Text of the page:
Saturday May 15, 1999

The Hague Appeal for Peace Conference

 

 

Peace Matters Today

Ten Fundamental Principles for a

Just World Order

 

Hague Agenda for Peace and Justice presented to Kofi Annan, Queen Noor, Sheikh Hasina and Wim Kok by youngsters from Belgrade and Kosovo

On Saturday, May 15th Kofi Annan, Secretary-General of the UN, Dutch Prime Minister Wim Kok, Prime Minister Sheikh Hasani of Bangladesh and Queen Noor of Jordan were presented The Hague Agenda for Peace and Justice for the 21th century. The Hague Appeal agenda demands ten
fundamental principles for a just world order:

1. Every Parliament should adopt a resolution prohibiting their government from going to war, like the Japanese article number nine.

2. All States should - unconditionally- accept compulsory jurisdiction of the International Court of Justice.

3. Every Government should ratify the ICC and implement the Landmines Treaty.

4. All states should integrate the New Diplomacy, which is the partnership of governments international organizations and civil society.

5. The world cannot be by standers to humanitarian crises; every creative diplomatic means possible must be exhausted before resorting to force, then under United Nations authority.

6. Negotiations for a Convention Eliminating Nuclear Weapons should begin immediately.

7. The trade in small arms should be severely restricted.

8. Economic Rights must be taken as seriously as civil rights.

9. Peace education should be compulsory in every school in the world.

10. The plan for the Global Action to Prevent War should become the basis for a peaceful world order.

 

Hague Appeal President Cora Weiss says:

"We are overwhelmed by the outpouring of commitments to insist on a war free future. The cries from Kosovo, East Timor, Colombia, Sudan, Somalia, Kashmir and Chechnya have been heard. We are ready to take action. We will take the Hague Agenda for Peace and Justice to our local communities, to our national governments and to the international community. We will tell Secretary General Kofi Annan that the United Nations cannot ignore us. The United Nations needs civil society to prevent the scourge of war. Every government should integrate the New Diplomacy."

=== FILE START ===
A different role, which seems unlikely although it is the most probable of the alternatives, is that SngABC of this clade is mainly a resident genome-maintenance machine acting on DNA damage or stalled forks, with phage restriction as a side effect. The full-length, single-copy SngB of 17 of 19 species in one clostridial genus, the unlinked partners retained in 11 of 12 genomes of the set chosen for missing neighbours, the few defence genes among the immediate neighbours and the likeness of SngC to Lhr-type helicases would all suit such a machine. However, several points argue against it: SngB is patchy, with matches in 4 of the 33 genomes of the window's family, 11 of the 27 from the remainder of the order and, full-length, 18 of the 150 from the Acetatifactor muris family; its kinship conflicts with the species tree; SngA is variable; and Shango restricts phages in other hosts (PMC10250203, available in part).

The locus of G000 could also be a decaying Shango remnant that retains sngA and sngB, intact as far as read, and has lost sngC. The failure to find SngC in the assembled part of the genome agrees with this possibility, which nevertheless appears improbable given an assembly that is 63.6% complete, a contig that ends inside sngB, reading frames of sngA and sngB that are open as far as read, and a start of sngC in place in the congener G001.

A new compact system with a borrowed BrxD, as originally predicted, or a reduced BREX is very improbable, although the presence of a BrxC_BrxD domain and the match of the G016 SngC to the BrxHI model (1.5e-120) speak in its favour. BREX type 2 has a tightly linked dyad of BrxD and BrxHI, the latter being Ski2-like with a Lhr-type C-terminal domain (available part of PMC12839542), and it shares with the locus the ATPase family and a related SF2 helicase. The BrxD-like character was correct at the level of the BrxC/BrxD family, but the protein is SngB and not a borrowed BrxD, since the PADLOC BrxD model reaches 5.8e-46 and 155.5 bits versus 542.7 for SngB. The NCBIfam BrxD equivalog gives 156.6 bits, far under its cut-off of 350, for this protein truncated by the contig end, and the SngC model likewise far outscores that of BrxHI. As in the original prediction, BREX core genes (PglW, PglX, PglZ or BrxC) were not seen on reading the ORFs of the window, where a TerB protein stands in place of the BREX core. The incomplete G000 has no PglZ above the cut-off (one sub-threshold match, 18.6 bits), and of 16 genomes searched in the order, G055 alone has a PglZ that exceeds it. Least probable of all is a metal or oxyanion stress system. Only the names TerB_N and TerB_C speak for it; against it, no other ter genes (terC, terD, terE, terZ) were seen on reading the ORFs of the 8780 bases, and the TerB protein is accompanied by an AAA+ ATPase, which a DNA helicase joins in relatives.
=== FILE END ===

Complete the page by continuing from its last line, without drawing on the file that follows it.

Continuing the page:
Young people from Belgrade and Kosovo handed over the Hague Agenda for Peace and Justice at the closing ceremony at Saturday May 15th in the congress building in The Hague.



A Closing Update on the Hague Appeal for Peace Conference

"We have been overwhelmed by the outpouring of commitments demanding a war free future said Cora Weiss, president of the Hague Appeal for Peace conference. "The conference has been a huge success."

* Almost 10,000 people attended the Hague Appeal for Peace-conference. Most of these people stayed at the conference for four days.

* More than 100 nationalities were represented at The Hague Appeal for Peace-conference.

* Over 400 debates, working-groups and other activities took place at The Hague Appeal for Peace-conference, at times there were up to 25 meetings at the same time.

* World leaders and international figures like Nelson Mandela, The Dalai Lama, Graca Machel and Jimmy Carter addressed the conference with written statements. Aung San Suu Kyi (Birmese Nobel-peace prize laureate) addressed the conference with a video-statement. Present at the conference were a lot of Nobel Laureates such as Jody Williams, the Archbishop Desmond Tutu, Jose Ramos Horta, Joseph Rotblat and Rigoberta Menchu Tum. Among the many other guests who attended the conference were Queen Noor of Jordan, Prime Minister of the Netherlands Wim Kok and the Prime Minister of the Republic of Bangladesh Sheikh Hasina.